Before the culprit was farming and ranching. I wonder if the green blight is the reason for current sardine policy that packs people in high-density population centers, which is, ironically, a first-order cause of catastrophic local and perhaps regional warming. Well, that, and excessive immigration, including illegal and refugees of clean wars.

Static Ping said...

You cannot run a reliable power grid if your source is either erratic (solar during the day) or non-existent (solar during the night). Until they can turn solar power into something that can mimic the electric production of fossil fuels, nuclear, and/or hydroelectric, it's never going to be anything other than an expensive gimmick and virtue signal paid for by people who can least afford it. The fact that it is now a less expensive gimmick is not particularly reassuring.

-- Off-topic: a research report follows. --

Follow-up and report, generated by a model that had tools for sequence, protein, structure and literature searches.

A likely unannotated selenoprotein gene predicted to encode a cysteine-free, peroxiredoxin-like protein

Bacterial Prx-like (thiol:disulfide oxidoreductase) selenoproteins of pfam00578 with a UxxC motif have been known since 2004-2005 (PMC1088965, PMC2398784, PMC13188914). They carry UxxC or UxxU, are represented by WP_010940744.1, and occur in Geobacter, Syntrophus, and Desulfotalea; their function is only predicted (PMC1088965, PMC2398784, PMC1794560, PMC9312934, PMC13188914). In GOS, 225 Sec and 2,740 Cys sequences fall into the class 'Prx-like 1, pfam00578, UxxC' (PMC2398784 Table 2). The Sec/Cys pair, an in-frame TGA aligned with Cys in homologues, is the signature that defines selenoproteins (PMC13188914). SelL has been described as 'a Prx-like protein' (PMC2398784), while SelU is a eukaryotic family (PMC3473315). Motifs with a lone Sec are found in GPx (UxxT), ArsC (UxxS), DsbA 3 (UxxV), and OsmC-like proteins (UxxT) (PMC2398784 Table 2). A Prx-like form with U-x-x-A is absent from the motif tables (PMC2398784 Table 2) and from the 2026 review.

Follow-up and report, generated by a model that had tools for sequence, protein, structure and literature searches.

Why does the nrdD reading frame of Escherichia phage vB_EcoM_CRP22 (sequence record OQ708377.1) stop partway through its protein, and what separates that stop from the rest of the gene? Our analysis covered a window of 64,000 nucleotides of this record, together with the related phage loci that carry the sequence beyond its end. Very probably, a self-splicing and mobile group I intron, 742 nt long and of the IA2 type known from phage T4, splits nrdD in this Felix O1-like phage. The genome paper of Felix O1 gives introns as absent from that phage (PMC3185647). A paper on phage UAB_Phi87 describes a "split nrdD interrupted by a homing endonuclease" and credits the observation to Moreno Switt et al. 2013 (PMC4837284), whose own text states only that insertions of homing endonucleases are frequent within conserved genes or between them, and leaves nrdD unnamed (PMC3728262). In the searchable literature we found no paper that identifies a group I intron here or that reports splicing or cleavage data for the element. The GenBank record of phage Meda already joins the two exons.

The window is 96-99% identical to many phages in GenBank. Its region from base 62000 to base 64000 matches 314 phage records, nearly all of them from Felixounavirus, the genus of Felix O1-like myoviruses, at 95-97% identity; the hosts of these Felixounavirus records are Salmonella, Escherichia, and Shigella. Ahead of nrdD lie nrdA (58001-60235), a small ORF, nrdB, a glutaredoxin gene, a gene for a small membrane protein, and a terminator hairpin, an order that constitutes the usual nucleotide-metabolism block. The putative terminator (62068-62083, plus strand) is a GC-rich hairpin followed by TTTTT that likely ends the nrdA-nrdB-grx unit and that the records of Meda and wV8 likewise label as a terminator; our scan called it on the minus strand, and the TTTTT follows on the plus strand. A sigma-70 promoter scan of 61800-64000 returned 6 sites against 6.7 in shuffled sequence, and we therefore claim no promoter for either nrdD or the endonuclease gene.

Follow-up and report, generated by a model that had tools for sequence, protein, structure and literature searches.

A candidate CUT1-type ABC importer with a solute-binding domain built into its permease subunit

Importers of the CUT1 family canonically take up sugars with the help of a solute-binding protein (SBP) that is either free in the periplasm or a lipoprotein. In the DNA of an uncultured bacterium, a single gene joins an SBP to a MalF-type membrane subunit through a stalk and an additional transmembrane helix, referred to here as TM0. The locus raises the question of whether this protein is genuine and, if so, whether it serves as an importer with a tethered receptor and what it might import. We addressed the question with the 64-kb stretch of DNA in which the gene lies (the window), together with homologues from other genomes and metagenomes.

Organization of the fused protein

There's a reason why California's electricity is expensive. If you look at the map of the average price of electricity in the United States by state, the entire continental United States is around the national average except for the Northeast and California, both of which stick out. It's rare to see a map that definitive. (Alaska and Hawaii have the most expensive electricity, but both of those states have unique challenges.)

Henry said...

There's good information in the article about the perverse incentives offered by the state to the utilities to build new power plants.

JHapp said...

And once they figure out energy storage, there will be that Homer D'oh moment when they realize they should have been capturing lightning instead.

Peter said...